Combining static analysis with deep learning for type inference and code editing




Wei, Jiayi, Ph. D.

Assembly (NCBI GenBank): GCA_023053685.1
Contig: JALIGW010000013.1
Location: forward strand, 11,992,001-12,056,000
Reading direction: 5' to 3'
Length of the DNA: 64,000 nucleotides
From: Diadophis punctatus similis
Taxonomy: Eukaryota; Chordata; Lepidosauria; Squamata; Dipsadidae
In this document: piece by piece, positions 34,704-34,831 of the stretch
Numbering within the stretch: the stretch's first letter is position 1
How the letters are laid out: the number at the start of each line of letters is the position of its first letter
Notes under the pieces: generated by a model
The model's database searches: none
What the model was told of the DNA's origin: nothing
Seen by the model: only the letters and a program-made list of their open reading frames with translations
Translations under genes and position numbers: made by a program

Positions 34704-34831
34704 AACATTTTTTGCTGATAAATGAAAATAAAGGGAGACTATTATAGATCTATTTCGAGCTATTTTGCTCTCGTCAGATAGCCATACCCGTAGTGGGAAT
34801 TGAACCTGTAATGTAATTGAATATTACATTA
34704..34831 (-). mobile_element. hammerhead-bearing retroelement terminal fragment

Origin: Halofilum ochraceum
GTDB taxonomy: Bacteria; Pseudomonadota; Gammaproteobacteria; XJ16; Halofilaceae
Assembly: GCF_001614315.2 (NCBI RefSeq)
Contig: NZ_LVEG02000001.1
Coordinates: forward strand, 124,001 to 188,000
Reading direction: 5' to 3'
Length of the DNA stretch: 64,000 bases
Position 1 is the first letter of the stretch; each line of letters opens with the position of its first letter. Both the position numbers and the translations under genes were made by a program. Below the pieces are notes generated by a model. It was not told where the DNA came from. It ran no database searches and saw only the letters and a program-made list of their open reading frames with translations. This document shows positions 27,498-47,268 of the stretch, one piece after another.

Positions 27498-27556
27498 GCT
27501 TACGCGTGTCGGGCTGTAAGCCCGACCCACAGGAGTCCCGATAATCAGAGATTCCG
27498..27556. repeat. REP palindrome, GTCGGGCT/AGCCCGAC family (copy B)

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For many programming tasks, state-of-the-art machine learning techniques treat programs as sequences of tokens and encode only local syntactic information. While this approach has achieved impressive results on tasks such as code autocompletion and program synthesis, many other tasks require analyzing programs at the project level. In this thesis, we propose techniques that combine lightweight static analysis and code transformations with machine learning to tackle two challenging problems from this category. We first focus on probabilistic type inference, where the goal is to predict missing type annotations for programs written in a gradually typed language like JavaScript and Python. Global information is essential for this task as the model needs to consider how a function is used throughout the project and be aware of the new types defined elsewhere. Our first approach, LambdaNet, uses lightweight static analysis to generate a program abstraction called a type dependency graph, which is then processed by a graph neural network to make type predictions. Our more recent work, TypeT5, models type inference as a code-infilling task and fine-tunes a pre-trained code-infilling model on type annotation labels. To best utilize the transformer model's limited receptive field, TypeT5 uses static analysis to construct a dynamic context for each code element. During inference time, we also propose a sequential decoding scheme to incorporate previously predicted types into the dynamic context, allowing information exchange between distant but related code elements. We then focus on contextual code change prediction, where the goal is to predict how to edit a piece of code based on other relevant changes made elsewhere in the same project. We introduce Coeditor, a fine-tuned CodeT5 model specifically designed for code editing tasks. We again model this task as code infilling using a line-diff-based code change encoding scheme and employ static analysis to form large customized model contexts, ensuring appropriate information for prediction. Coeditor significantly outperforms the best code completion approach in a simplified single-round, single-edit task. In the proposed multi-round, multi-edit setting, Coeditor demonstrates substantial gains by iteratively conditioning on additional user edits. To encourage future research, we open-source our code, data, and model weights, and release a VSCode extension powered by our model for interactive usage.


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